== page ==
Thursday, January 28, 2010

Birding the Appalachian Trail...

No, we are not out hiking the A.T. in January search of birds, but we are super proud to be featured in A.T. Journeys, The Magazine of the Appalachian Trail Conservancy this month!
Trail Birds
Text and Photos by Warren and Lisa Strobel


A few years ago, while section-hiking a portion of the Trail through Shenandoah National Park, we met a thru-hiker named Matt (we’ve long forgotten his Trail name) who told us something we’d never forget. “Everybody,” he said, “has to hike their own hike.”

We do hike our own hike.

We have walked every mile (595 Trail miles to date) wearing a pair of binoculars.

We not only hike the Appalachian Trail, we “bird” it.

Being avid birders has given us an opportunity to more deeply appreciate the vital habitat of the A.T. and the lands that surround it, and to reconfirm the importance of preserving andenhancing the Trail.

It’s well known to most everyone familiar with the Trail that it provides a critical corridor for both fauna and flora. But the Trail’s importance to the avian life of North (and even Southand Central) America, is hard to overstate.

The Appalachian Mountains are irreplaceable north-south migratory flyways for raptors andsongbirds, and serve as feeding stops and breeding grounds, as well.

They are the bird equivalent of interstate highway, fast-food joint, and comfy home all in one....


Read the rest of the story here (and see super cute pictures of Cute Husband in the act of birding AND hiking)

We are particularly proud to be associated with the The Appalachian Trail Conservancy and the work they do to protect a corridor of the East Coast for birds and the habitat they depend on.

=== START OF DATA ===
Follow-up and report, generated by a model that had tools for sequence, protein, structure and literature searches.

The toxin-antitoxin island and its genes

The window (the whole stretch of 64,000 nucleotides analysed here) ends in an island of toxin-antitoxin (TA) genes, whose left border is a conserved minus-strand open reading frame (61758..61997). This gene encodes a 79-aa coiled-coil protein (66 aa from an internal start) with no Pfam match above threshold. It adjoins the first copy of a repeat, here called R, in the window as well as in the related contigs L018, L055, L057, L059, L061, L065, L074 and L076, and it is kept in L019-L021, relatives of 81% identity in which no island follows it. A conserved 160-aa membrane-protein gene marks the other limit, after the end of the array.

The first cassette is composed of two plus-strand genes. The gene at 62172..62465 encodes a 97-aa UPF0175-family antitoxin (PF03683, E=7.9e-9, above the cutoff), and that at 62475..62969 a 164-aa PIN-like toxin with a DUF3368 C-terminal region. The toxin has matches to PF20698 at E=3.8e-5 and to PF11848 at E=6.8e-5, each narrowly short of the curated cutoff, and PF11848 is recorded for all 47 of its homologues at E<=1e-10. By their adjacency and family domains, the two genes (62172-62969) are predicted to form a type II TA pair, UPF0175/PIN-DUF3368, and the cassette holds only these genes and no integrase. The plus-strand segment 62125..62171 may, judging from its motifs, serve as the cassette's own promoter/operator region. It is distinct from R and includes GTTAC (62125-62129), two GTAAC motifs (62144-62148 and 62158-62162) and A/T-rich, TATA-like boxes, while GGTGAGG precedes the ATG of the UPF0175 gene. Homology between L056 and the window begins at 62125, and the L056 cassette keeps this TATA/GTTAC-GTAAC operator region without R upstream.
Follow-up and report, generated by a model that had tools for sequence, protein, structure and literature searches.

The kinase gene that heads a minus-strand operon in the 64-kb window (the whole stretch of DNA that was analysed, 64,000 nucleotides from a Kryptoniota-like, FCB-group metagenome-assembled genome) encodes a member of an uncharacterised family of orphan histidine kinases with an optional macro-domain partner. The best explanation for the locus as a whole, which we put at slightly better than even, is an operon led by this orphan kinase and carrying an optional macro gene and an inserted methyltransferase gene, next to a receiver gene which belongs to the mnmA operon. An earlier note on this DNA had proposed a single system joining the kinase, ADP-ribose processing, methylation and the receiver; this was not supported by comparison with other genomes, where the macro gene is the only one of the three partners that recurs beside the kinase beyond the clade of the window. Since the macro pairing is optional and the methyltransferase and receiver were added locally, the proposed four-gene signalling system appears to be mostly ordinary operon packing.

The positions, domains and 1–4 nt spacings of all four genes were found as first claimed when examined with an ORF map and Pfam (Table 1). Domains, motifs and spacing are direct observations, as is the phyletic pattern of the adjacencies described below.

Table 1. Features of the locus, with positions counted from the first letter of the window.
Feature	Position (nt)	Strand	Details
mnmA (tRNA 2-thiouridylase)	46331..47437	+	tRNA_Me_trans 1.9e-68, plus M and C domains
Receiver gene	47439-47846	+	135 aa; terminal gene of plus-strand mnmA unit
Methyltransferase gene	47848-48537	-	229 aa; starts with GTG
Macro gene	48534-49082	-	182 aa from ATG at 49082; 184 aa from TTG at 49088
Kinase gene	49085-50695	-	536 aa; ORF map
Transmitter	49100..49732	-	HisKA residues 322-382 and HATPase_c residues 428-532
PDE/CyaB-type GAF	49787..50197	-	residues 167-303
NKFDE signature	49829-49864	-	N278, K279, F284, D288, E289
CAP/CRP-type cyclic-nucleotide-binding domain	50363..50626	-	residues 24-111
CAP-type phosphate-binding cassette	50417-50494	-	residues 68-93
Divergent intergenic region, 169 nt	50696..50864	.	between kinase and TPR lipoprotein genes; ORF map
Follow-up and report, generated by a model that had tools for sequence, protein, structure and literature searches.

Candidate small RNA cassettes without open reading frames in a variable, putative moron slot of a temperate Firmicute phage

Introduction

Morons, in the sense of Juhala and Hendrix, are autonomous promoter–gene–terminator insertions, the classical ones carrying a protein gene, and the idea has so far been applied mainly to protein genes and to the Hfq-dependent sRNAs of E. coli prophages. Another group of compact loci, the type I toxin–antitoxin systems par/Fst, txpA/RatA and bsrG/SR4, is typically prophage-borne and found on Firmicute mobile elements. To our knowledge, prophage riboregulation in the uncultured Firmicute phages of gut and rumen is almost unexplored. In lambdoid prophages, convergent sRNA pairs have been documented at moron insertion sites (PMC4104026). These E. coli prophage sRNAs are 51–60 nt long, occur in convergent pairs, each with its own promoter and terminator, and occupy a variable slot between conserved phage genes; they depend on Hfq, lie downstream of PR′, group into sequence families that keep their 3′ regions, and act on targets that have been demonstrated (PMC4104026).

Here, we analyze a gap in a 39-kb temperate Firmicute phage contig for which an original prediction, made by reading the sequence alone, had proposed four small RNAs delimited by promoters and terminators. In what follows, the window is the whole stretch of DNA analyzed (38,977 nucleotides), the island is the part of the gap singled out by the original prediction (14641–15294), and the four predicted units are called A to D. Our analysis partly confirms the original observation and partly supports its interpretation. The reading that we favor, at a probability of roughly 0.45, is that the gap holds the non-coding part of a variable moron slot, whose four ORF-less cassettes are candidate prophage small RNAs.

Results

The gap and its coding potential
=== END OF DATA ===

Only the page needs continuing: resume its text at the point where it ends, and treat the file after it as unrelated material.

An organizaton that is largely supported by hikers, but is well deserving of the support of birders for their work in conservation and education.

3 comments:

Anonymous said...
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Kelly said...

GG and I were thrilled to read your wonderful article! I wrote a letter to the editor explaining how much you opened our eyes to birding during our thru-hike. You were so kind to show us photographs from your birding book and even let us take pictures of portions of the book so we could refer to them later during our hike. (It wasn't published, but I'm glad that Alabama Birdman had his featured this month.) :)

I still think of you all whenever I hear a scarlet tanager.

Thanks again!

Happy Spring,
Rhodo

Ross Geredien said...

The things one finds on Birdcouple! I had no idea you were in AT Journeys. Very nice article.

Ross